After putting up with incomplete passes, unsuccessful runs, a fumble and an interception to cap off his final drive as quarterback, the home crowd had enough of Evridge and began booing. “You try not to listen to those [boos], but we didn’t really give the fans anything to cheer about,” Evridge said. Sherer instantly revitalized UW hopes of not getting completely butchered by the Lions, as he completed his first two passes back-to-back—a 23-yard toss to junior tight end Garrett Graham and a 13-yard pass to sophomore
wide receiver Isaac Anderson. A 15-yard rush by junior running back P.J. Hill put the Badgers near the red zone, but Sherer squandered any momentum that the quarterback change-up could have produced when he forced a throw under pressure intended for Graham that was picked off by Penn State cornerback Lydell Sargeant, who ran 55 yards with the ball. “I forced the ball to Garrett,” Sherer said. “I shouldn’t have thrown it, and I wish I had that one back, but you learn from it.” Sherer’s next drive included three complete passes, including two throws to senior tight end Travis Beckum. But a potential score was spoiled after Sherer lost hold of the ball, which was recovered by Penn State, during a sack on a 4th-and-11 play. Although his stats don’t mean as much since Penn State put in their backups by mid-fourth quarter after knowing the game was wrapped up, Sherer completed a respectable 9-of-17 passes for 115 yards. “I told him that we were in four-down territory any time that we got the ball off our section,” Bielema said. “So he went in there, and I really liked the energy he showed in the huddle.” Penn State’s superb pass rush was effective at flustering Evridge and Sherer. They both were forced to get the ball out fast to avoid getting sacked and resorted to running the ball themselves a total of 12 times. Penn State’s defensive linemen got their hands on several throws, and Evridge launched the ball short of his target several times. “A couple of balls were just getting batted down at the line of scrimmage,” Evridge said. “Penn State had a great pass rush, and guys were getting their hands in the air.” Although most UW quarter-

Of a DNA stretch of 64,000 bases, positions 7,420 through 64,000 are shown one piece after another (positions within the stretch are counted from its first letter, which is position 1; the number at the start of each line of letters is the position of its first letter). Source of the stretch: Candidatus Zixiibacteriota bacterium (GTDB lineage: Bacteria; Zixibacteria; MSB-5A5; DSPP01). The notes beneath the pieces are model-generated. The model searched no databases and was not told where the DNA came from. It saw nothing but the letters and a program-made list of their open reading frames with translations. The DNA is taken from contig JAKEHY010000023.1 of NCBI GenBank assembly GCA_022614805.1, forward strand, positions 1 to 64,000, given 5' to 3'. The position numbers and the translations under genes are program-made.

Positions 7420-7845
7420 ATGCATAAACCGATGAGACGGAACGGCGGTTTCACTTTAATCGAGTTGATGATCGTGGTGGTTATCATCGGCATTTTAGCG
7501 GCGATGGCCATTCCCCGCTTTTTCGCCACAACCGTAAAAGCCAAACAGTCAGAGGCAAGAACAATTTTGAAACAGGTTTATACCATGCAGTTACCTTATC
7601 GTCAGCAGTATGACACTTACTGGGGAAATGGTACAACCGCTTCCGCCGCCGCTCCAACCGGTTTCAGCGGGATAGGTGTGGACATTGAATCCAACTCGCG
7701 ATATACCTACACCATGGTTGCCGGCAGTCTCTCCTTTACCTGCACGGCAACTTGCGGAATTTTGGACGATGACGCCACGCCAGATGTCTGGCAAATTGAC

LORENZO ZEMELLA/THE DAILY CARDINAL
Wisconsin senior quarterback Allan Evridge struggled against the Penn State defense Saturday night at Camp Randall. Evridge only completed two passes for 50 yards and threw one interception on the night. back runs resulted in a loss or short gain, Evridge was able to capitalize on a couple of them. He ran 19 yards down the left sideline after evading a sack and ran it in for the team’s lone touchdown on a 2-yard dash that ended in a dive just over the corner of the goal line. Earlier that drive, Evridge completed a 42-yard throw to Beckum. “He did some things that we were hoping that he would do,” Bielema said, explaining why he decided to keep Evridge in as long as he did.
The devastating loss cannot be pinned on Evridge or any other individual, as the Penn State defense was also effective at limiting yards gained on the ground. Hill and freshman running back John Clay managed to picked up 105 yards in 25 carries together, but the running game was just as ineffective as third-down passing. UW converted just 5-of-16 third down attempts. Either Evridge or Sherer will start next weekend’s away game at Iowa, and Bielema said that who-
ever ends up starting has to step it up for the Badgers to end the season on an acceptable note. While he isn’t counting on starting, Sherer said he’s ready to lead the team if the coaches ask him to. “Allan’s our guy,” Sherer said. “He struggled a little bit, and we kind of wanted to change the pace and just get my feet wet. “[But] I’ve waited for the opportunity, and if that opportunity comes, then I hope to run with it.”